RA BLOG Week 2017 – The best tips from those living with RA

BANNER2017RA is a life changer.  When I was diagnosed, I thought I was too young and that RA was for older people like my grandmother.  I’m certain many other RA patients had the same thoughts when diagnosed.  Then the pain and reality set in and I’ll admit the first couple years were a struggle.  Took me a little while to figure out how best to manage my life with RA and I’m going to highlight three tips that have helped me get to be a person who’s life is minimally affected by RA.

  1.  Learn everything you can.  For me, that was reading on the internet, reading books, and reading blogs.  This is how I connected with others that had RA.  I learned how they managed to live their lives – whether it was with little interruption or great changes.  I put everything in the vault for future use.  If I hadn’t read, I wouldn’t have realized there was an injectible form of Metho, which is the one medication change that has had the most impact on my RA still to this day.  I also wouldn’t have met some wonderful online friends with RA.
  2. Attitude.  I say attitude is everything.  I say Life is 10% what happens to you and 90% how you deal with it.  That’s the greatest lesson I learned from a decade of therapy.  It’s all on me.  I can face each day in misery or I can squeeze joy out of small things – like a beautiful sunset, or a phone call from the right person.  I have really learned to not sweat the small stuff.  I urge others with RA to understand that there is very little we can control, beyond our own reactions to what happens to us.  You can’t control everyone and everything around you, you can only control your response.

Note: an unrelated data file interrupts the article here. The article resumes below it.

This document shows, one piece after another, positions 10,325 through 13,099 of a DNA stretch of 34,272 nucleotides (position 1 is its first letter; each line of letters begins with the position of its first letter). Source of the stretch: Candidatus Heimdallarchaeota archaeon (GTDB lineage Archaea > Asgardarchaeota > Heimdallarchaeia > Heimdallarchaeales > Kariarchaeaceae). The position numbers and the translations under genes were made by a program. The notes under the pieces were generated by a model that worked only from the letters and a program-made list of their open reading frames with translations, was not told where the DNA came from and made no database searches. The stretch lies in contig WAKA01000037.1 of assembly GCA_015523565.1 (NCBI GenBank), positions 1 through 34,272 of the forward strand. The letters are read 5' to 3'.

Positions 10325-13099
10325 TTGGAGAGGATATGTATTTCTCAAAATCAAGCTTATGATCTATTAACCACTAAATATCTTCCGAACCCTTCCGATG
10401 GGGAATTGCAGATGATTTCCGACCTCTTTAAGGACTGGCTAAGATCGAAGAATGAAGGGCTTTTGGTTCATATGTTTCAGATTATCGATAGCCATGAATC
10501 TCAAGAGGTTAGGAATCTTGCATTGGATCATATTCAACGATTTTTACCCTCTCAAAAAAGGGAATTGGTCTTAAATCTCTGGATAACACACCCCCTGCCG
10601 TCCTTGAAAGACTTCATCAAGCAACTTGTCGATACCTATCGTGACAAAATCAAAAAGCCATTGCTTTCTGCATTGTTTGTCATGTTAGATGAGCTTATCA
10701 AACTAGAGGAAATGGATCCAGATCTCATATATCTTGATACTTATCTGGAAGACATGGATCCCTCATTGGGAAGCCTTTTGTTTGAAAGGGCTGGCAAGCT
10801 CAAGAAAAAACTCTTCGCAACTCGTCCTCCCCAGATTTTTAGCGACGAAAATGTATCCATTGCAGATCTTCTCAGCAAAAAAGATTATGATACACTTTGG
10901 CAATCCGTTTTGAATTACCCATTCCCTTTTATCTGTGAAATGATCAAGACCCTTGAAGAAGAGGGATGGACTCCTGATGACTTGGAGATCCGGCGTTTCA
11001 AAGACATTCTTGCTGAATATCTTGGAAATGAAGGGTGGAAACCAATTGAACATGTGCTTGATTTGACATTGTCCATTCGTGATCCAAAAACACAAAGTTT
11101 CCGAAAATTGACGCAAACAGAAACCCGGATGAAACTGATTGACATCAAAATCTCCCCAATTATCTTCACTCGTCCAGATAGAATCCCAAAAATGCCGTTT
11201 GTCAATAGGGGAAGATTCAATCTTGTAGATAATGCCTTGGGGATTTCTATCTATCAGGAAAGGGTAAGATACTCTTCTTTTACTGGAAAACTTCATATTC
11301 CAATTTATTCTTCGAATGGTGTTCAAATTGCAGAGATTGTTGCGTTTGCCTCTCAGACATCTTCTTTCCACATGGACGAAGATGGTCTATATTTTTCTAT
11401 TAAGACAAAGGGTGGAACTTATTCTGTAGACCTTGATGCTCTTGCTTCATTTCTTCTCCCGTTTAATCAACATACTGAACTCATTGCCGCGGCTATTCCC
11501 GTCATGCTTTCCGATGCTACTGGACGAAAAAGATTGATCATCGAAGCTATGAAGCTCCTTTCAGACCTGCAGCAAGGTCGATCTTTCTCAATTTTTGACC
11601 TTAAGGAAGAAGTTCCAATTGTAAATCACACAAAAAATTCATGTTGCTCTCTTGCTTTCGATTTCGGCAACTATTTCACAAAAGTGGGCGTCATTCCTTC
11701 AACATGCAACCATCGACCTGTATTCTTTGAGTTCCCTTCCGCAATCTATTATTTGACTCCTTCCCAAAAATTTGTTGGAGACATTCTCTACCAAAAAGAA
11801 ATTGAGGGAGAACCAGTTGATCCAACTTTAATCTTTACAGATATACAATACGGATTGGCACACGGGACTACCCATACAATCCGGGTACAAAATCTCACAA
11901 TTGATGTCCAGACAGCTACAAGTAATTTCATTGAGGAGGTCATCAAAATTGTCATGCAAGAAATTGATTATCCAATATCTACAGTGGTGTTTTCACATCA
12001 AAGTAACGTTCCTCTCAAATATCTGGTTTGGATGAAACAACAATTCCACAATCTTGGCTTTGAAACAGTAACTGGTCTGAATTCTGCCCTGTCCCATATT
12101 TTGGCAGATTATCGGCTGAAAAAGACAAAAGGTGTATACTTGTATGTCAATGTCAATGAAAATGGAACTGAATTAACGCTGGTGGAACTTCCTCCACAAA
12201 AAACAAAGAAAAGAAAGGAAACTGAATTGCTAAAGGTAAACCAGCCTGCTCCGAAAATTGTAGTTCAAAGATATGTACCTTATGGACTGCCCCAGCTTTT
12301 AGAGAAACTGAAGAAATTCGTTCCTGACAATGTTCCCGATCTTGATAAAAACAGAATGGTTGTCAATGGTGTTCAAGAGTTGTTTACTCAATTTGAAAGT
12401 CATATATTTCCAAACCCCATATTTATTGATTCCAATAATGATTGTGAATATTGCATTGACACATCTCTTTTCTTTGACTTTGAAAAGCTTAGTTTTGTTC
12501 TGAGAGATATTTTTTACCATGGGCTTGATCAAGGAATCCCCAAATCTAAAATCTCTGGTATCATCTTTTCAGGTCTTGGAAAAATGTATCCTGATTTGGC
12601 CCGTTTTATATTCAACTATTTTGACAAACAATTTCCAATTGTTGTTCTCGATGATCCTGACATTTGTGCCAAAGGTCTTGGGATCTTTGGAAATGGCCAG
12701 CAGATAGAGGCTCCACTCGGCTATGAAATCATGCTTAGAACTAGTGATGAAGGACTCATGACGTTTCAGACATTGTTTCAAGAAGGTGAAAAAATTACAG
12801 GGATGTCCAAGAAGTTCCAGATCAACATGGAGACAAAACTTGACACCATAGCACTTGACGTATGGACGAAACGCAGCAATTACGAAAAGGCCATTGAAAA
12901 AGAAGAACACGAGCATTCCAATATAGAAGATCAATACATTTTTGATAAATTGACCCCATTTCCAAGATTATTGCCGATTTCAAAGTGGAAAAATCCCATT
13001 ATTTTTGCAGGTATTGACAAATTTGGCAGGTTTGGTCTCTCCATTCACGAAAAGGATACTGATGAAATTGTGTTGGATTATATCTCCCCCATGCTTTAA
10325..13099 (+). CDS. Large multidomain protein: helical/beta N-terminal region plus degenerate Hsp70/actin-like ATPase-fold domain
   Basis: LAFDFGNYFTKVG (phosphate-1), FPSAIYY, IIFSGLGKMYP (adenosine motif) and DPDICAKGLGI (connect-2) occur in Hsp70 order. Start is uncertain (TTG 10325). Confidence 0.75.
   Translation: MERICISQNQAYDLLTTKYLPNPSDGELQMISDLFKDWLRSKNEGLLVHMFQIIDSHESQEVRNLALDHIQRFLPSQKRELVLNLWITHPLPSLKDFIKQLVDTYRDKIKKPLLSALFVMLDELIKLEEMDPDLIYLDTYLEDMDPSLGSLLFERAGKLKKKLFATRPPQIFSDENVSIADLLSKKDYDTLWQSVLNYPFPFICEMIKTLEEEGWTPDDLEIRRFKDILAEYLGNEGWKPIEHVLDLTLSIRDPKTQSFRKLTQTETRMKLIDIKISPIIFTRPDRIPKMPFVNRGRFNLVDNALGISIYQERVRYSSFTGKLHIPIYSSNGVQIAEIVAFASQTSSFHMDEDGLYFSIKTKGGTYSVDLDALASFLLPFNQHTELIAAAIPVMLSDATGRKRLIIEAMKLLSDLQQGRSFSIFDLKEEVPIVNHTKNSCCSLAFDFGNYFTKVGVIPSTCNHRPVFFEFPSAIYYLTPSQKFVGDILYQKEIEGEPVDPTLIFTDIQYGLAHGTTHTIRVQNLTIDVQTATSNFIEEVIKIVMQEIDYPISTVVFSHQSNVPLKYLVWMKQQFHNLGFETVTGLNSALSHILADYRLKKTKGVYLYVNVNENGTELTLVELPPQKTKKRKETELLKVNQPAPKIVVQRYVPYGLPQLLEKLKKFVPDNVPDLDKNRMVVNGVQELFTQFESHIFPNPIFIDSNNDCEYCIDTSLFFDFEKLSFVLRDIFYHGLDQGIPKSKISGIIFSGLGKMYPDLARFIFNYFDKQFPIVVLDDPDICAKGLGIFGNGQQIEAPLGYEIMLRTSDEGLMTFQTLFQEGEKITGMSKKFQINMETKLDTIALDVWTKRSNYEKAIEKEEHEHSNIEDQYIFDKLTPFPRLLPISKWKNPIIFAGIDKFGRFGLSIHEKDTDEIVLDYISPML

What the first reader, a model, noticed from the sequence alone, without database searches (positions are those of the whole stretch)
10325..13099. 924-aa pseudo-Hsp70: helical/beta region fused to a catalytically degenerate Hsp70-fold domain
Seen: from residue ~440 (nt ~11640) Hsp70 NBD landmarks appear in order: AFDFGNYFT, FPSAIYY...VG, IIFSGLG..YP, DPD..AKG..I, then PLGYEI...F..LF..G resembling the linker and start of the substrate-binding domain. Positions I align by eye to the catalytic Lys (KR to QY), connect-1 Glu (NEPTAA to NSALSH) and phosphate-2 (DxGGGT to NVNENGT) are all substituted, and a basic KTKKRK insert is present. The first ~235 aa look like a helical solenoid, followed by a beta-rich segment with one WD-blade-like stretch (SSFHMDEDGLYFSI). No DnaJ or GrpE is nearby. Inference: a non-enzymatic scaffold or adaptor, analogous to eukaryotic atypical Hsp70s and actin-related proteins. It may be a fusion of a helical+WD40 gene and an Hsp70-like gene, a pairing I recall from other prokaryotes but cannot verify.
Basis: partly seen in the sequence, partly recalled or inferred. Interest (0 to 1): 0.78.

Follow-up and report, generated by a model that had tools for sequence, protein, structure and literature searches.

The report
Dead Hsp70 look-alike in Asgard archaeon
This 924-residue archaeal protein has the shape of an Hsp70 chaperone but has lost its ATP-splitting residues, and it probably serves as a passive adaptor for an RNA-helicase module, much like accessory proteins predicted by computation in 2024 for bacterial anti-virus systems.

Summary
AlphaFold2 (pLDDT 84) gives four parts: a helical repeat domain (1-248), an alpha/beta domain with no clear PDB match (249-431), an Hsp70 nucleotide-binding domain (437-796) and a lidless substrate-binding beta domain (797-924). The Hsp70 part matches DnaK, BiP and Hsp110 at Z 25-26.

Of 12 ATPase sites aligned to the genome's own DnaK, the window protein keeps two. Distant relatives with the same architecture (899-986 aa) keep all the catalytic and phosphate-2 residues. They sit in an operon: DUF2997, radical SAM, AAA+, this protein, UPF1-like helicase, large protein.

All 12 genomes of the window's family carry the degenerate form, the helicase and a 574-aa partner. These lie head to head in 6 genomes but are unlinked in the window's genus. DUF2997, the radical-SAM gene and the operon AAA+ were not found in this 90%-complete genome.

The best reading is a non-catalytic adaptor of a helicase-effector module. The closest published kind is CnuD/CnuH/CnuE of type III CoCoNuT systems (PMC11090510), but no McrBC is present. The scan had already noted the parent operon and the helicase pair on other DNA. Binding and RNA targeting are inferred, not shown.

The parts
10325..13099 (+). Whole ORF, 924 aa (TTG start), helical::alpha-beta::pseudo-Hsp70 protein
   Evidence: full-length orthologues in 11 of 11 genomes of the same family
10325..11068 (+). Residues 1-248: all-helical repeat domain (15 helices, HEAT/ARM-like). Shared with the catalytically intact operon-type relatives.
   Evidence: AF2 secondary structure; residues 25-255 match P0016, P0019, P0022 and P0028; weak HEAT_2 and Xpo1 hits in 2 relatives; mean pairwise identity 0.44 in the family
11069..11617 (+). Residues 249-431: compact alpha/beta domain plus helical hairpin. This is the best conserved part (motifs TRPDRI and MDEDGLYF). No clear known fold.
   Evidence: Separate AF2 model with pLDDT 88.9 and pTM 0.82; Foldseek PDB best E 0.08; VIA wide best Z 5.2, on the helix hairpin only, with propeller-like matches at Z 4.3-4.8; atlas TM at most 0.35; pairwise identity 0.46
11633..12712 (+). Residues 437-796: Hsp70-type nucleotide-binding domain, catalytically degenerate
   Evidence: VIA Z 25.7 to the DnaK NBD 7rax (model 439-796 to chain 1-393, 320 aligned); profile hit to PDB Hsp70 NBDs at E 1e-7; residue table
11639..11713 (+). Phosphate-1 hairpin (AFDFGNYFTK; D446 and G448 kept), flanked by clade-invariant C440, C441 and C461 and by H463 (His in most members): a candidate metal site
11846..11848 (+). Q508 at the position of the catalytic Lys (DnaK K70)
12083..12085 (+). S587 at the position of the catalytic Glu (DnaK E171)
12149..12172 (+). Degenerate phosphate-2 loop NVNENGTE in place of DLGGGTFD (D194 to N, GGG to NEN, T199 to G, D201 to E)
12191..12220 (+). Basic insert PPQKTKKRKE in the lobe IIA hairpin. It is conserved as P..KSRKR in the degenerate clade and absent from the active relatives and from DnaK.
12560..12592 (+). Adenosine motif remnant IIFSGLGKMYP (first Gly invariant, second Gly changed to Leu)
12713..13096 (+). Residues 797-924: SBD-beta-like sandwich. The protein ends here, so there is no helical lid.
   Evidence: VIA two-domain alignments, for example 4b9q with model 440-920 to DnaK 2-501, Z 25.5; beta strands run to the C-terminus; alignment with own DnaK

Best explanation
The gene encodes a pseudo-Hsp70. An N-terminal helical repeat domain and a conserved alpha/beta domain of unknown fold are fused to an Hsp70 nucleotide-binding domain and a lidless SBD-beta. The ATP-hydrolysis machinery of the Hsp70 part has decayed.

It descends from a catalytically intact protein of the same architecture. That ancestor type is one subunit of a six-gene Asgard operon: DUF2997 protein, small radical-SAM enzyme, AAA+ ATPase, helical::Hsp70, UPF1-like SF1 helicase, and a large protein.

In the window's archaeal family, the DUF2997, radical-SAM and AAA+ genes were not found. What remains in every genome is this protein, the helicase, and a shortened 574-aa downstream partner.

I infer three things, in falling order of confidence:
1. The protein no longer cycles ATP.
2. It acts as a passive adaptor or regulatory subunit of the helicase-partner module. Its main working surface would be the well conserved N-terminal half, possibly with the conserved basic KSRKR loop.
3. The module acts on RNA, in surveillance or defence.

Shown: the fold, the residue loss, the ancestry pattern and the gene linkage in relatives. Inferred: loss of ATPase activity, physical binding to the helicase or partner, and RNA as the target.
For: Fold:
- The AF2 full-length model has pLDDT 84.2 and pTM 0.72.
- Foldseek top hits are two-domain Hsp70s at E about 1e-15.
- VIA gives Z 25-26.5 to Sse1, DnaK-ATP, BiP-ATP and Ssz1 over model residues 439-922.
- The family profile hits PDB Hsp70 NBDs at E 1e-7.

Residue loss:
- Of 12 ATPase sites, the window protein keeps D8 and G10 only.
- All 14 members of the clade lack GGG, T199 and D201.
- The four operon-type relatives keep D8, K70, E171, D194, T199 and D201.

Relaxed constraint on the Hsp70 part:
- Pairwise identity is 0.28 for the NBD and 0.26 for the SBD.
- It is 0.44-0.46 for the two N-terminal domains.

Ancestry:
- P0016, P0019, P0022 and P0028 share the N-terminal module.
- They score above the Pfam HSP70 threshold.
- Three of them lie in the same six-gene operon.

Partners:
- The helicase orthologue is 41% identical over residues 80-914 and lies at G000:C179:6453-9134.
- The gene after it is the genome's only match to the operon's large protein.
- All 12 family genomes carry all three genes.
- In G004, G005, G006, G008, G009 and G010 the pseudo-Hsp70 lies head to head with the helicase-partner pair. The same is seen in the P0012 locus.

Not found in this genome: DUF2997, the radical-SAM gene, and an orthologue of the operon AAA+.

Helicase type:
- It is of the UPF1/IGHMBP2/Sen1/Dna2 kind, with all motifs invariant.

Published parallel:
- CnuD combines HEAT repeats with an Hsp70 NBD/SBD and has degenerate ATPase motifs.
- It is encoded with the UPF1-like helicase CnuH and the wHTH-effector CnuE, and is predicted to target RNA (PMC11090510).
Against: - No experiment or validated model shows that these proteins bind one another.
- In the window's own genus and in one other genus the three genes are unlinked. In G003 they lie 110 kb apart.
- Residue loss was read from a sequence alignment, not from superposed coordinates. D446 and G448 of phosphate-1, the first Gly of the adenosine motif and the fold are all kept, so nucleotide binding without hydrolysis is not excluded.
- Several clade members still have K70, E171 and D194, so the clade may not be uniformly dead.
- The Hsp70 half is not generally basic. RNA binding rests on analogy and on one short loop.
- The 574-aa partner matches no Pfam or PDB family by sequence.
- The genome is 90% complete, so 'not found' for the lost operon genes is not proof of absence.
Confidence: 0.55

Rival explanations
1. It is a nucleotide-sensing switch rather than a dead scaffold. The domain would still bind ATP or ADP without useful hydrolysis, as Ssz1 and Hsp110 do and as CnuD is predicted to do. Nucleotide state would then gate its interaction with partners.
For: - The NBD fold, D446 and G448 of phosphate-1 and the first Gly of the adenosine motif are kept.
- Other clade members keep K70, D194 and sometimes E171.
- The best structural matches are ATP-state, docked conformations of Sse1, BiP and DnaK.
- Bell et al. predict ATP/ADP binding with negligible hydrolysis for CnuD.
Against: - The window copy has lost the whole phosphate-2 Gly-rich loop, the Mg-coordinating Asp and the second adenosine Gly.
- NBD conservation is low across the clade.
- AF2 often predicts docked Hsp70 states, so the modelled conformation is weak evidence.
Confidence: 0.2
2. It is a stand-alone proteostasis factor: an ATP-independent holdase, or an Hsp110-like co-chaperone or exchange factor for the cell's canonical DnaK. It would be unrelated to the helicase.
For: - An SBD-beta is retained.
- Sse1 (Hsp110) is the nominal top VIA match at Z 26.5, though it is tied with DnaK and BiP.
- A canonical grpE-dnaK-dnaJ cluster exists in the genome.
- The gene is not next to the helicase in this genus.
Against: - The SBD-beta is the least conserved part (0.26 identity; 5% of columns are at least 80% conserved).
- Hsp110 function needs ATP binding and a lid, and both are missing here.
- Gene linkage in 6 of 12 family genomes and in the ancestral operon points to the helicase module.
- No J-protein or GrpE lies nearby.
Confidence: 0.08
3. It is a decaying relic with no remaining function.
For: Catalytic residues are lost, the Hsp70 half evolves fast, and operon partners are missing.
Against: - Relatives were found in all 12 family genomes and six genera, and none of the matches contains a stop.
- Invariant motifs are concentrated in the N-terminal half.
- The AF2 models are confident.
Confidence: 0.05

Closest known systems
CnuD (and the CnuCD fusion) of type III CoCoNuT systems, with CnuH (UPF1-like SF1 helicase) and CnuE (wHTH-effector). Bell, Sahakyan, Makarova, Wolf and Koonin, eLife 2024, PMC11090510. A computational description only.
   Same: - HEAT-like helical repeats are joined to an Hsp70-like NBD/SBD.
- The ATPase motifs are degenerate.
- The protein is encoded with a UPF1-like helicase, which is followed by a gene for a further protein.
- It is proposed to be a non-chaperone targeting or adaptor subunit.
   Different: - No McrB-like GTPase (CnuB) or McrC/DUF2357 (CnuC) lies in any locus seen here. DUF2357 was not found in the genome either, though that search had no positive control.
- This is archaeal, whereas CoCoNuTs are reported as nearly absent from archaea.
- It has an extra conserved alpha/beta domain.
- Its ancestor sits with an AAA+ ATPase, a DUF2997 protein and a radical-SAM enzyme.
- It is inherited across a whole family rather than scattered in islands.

3. Balance.  I use this term alot when I talk about my RA.  I have to plan life events carefully.  I cannot work my full time job and go out several evenings during the week.  If I have functions after work, one, maybe two per week is about all I can manage.  I need down time on the weekends, and I also need to be sure that I get my walks in 5 or 6 days a week.  I have to keep moving – mobilize my joints and stay lubricated.

These may seem like little tips, but they’re part of my mantra on life with RA.

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Saturday musings

roomba

I’m vacuuming as I write this.  Seriously.  I purchased a Roomba earlier this summer.  We had given one to my parents at Christmas. They’re hard to buy for and my husband hit on the idea, we researched and bought it for them.  And they love it.  They talk about it regularly – I think mom called it an amazing little machine.  So I had some coupons and gift cards and I bought one.  We also love it.  My kitchen floor has never been so clean.  We dock it in the kitchen in a corner and Mr. Phat will start it up when he takes the dog for a morning walk and shuts it when they come home.  A large part of my house is one level and I can vacuum the 40 foot long great room, the bath room and the office at the same time.

I’m not sure why I started out talking about my roomba except to say that as I’ve gotten older, it makes sense to find ways to make our lives easier.  I still have a full time job and I’m not ready to give it up, so I can’t get to house and yard work like I used to.  Mr. and I know that we really need to hire landscapers to help with the yard if we are going to stay living in our home for the future.  I’ve thought about a maid service, but the roomba helps out and our house is small – I can keep the house fairly clean.

I just ordered a telescoping window cleaning set that was marked down to 1/3 the price. It hooks to the hose and helps clean the windows while you stay on the ground.  I can definitely use a tool like that.  Now if only I can find one that will clean the gutters!

I’m feeling good.  The knees are really almost pain free.  I’m walking about 7000 steps a day and haven’t had a chance to increase it.  I need to carve a little more time out of my day for walking to get to 10,000.  My RA is better, but I still ache in the shoulders, wrists and fingers each morning.  Increasing my dose of Methotrexate has definitely helped ease the RA pain.